Without wishing to blow my own trumpet, I am a man of many talents; albeit most of which were honed when I was a child, and as such, involve sticks, string, elastic bands and bogeys, or boogers, as you Canadian folk like to call them.
My other ‘arf, ‘er in doors, as she’d variously be known if we still lived in the east end of London, is somewhat different. She has a varied and valuable skill set, which it seems, is shaped perfectly to serve Little Z and me most handsomely in everyday life: and we appreciate this greatly I’d like to add, before anyone accuses me of chauvinism.
My wife cooks like an angel; she is charming and witty, although Little Z has yet to truly grasp these talents (he usually grasps her hair); she is not afraid of spiders, a trait that I greatly admire and am very relieved that she possesses; she is well versed in the realms of nutrition and health (she has a university degree, no less); she is a wonderful mother and the ideal life partner; I could go on but if I do she’ll undoubtedly become very big headed, in her own beautiful way, of course.
But I tell you this not in simple homage to my wife but to highlight all of our uncelebrated talents; though often they lie dormant until some event kick starts them, coughing and spluttering back into life. And so it was that a trip to the city did just that for me. A trip to Burlington, no less: that shiniest of suburb, where an old English friend has chosen to reside.
With our children playing happily and wives nattering busily (chauvinism alert!) us men were sent out to buy supplies, i.e. two bottles of red wine and a nice roasting joint for the evening meal. On the way to the grocery store, my host said: “there’s this great little shop nearby with all kinds of cool stuff in it, want to go see?” I couldn’t refuse.
An hour or so later we returned home with two bottles of red wine, a nice roasting joint for the evening meal, an electric chop saw, a pillar drill and the Hog Stuffer (the nickname for my new sausage maker, for those of you who didn’t catch last week’s missive).
Initial wifely amazement soon turned to annoyance, and then, thankfully, to the usual weary resignation following one of my ‘inspired’ purchases. However, the wine revived spirits and the weekend passed off without further reference to the chop saw, or my assailant’s new pillar drill.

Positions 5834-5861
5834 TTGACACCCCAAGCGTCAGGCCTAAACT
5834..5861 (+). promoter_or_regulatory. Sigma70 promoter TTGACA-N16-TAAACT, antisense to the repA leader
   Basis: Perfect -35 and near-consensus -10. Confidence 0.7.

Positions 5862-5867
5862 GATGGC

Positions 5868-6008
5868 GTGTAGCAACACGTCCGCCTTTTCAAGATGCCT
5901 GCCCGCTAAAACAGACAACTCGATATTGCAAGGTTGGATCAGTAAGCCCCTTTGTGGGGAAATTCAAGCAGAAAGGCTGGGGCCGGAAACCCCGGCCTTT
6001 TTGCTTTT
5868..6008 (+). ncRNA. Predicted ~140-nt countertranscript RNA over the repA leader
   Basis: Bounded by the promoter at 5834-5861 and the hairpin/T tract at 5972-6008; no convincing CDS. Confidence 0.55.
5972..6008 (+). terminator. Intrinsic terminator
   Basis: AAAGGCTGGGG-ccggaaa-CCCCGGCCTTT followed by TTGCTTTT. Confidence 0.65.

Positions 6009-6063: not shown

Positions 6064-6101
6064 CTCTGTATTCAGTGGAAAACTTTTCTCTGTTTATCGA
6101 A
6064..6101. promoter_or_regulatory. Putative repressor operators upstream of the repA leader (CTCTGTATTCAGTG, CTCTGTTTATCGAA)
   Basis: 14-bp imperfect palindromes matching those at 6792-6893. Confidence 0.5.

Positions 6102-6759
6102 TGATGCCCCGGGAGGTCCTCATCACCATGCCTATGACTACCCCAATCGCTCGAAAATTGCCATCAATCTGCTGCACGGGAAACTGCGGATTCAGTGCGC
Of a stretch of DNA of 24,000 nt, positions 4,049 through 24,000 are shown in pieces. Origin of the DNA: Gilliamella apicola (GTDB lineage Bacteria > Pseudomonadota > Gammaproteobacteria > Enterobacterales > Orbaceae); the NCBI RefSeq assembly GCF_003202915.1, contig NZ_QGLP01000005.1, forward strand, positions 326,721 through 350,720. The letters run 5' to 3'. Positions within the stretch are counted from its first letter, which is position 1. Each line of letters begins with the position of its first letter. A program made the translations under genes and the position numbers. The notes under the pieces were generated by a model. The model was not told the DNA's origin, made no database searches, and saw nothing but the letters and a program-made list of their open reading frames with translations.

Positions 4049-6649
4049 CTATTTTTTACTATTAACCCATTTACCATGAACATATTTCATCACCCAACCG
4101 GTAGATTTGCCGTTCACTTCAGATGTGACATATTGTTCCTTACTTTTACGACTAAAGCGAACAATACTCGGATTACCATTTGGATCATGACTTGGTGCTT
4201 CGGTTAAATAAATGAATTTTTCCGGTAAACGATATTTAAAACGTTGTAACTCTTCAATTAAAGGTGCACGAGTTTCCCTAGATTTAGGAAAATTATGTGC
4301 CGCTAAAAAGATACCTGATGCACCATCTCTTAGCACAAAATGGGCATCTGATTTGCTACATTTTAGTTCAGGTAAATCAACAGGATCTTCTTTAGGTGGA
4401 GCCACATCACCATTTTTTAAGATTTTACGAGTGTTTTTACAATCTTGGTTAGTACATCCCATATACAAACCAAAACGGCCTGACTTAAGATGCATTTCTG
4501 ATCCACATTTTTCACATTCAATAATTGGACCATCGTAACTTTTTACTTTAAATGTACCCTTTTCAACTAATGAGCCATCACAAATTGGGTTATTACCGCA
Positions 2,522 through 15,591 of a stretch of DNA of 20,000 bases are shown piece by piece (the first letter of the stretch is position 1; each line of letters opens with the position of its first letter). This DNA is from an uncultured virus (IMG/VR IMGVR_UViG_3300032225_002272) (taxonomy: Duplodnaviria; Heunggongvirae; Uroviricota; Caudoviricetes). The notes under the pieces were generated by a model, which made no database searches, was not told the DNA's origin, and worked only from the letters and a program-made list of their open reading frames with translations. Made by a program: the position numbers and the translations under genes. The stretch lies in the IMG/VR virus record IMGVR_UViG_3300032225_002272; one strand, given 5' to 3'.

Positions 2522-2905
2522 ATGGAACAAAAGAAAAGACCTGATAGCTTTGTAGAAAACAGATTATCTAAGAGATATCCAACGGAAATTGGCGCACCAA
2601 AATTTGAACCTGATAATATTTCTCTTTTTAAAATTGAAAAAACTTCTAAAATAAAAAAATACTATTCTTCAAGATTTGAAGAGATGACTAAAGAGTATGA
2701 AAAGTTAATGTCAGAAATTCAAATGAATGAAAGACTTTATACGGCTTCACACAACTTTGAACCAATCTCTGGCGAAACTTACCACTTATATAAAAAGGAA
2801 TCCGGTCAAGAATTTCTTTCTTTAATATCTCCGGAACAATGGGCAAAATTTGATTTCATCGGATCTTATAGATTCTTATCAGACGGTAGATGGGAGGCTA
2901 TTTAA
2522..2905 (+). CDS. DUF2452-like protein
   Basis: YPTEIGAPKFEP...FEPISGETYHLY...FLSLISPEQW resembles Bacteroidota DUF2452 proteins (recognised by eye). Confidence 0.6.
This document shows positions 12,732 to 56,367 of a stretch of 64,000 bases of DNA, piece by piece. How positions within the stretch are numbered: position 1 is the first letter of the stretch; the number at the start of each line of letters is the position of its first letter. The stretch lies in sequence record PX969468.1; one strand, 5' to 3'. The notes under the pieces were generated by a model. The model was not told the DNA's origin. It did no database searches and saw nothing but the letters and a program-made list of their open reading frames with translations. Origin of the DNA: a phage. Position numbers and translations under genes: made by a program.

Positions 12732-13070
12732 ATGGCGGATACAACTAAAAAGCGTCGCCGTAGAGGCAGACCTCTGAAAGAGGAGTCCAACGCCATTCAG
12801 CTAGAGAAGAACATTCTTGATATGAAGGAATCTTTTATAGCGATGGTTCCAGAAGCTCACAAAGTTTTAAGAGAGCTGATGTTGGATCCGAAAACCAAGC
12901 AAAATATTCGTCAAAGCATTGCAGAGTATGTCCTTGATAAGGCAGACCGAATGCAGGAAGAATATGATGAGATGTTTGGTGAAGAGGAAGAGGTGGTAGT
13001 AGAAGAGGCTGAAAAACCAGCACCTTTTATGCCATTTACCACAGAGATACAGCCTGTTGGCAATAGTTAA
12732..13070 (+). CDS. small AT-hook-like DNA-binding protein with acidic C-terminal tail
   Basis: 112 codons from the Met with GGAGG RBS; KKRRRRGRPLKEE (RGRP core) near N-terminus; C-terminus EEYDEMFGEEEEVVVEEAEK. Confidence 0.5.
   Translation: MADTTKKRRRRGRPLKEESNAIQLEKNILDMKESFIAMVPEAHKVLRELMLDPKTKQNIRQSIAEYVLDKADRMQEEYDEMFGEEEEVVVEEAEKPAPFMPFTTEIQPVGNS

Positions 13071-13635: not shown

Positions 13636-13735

Now, I can hear you asking: “a chop saw, is he mad? What could a writer want with a chop saw?” Well, dear reader, remember I mentioned those dormant talents. In a past life I was a carpenter, and as such, I am relatively handy with tools: I just never had the space to keep any, much less wield them effectively, during the fifteen years that I lived in a two-bed apartment in London. To have owned a chop saw would have meant forsaking the collection of fine wines and spirits that was tucked in the space under the stairs and that was never going to happen!
And so it was, back in Haliburton, in a house so big that I can glug spirits and wield power tools to my hearts content (you’ll notice I have one less finger than I used to), that my chop saw and I set out on our first mission: a toy box for Little Z. This project turned out relatively successful I am pleased to report. But, as I turned from admiring my work (glass in hand, blood still dripping from what used to be an index finger) I caught my lovely wife’s eye and in it a gleam that could only mean trouble.
In a stream of consciousness so long that I think I napped for a while during it, she listed the plethora of things that I could now make, jobs I could do, “seeing as how you have an electric saw and have remembered how to swing a hammer!”
Ah, those hidden talents… My back began to ache at just the thought of it. As she turned and left the workshop I sunk down against the wall, unplugged the chop saw and reached for the bottle.